See that old-fashioned brass doorknob above? Researchers have found that copper and alloys made from it (like brass) are effective at killing the bacteria and germs that are responsible antibiotic-resistant superbugs.
According to The Telegraph:
Even if the bacteria die, DNA that gives them resistance to antibiotics can survive and be passed on to other bacteria on these surfaces. Copper and brass, however, can kill the bacteria and also destroy this DNA.
The researchers in the study are calling for brass doorknobs to be installed in public places. Professor Bill Keevil of Southhampton University said:
There are a lot of bugs on our hands that we are spreading around by touching surfaces. In a public building or mass transport, surfaces cannot be cleaned for long periods of time.Until relatively recently brass was a relatively commonly used surface. On stainless steel surfaces these bacteria can survive for weeks, but on copper surfaces they die within minutes. Part of the process DNA from bacteria is also destroyed just as rapidly on the copper, so you cannot get gene transfer on the surface.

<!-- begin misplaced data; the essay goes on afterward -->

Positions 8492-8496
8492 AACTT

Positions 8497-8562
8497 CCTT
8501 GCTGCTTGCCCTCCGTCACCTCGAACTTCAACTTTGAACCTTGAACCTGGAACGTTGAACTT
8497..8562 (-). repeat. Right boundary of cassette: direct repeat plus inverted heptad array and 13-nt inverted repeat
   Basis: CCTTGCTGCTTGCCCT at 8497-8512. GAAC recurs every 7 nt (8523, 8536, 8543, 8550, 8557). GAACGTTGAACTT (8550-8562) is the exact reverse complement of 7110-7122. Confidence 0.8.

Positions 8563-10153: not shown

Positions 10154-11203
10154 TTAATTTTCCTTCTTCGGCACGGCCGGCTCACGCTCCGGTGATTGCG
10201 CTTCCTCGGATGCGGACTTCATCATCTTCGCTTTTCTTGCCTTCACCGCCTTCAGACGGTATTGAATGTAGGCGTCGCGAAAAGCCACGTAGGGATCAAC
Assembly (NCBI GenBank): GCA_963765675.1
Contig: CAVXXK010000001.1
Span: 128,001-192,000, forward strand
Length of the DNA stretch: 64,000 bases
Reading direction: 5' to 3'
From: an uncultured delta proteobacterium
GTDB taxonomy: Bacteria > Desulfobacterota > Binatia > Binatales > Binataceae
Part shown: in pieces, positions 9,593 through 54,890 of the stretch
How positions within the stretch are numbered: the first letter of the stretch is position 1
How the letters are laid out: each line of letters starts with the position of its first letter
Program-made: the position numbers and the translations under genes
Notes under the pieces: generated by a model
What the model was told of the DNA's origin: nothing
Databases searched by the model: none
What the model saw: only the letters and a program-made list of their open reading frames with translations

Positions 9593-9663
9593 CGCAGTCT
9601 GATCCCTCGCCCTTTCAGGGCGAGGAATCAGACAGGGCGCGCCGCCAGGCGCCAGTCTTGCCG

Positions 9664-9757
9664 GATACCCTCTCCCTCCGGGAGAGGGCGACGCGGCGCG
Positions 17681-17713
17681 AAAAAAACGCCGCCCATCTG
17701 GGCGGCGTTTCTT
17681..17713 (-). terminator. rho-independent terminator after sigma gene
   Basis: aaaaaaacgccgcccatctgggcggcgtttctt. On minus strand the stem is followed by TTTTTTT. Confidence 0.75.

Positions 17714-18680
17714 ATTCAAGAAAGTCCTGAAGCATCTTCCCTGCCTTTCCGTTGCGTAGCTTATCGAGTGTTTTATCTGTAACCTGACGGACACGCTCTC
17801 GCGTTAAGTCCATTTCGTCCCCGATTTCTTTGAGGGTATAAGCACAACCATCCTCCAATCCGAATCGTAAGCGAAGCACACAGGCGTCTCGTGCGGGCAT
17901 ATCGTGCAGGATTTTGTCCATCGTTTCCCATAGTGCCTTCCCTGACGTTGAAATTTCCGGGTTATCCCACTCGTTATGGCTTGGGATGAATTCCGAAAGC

He added that bacterial DNA rapidly degraded at room temperature on copper-based surfaces, Interesting. So the plastic and stainless steel doorknobs used in most homes, businesses, hospitals and offices today can actually aid in spreading the powerful superbugs like MRSA and Clostridium difficile.
I doubt we’ll be seeing many brass doorknobs in public places anytime soon, but if you’d like to confer additional protection to yourself, you could always get one (or five) for your home. Added bonus: the vintage charm of a pretty metal doorknob.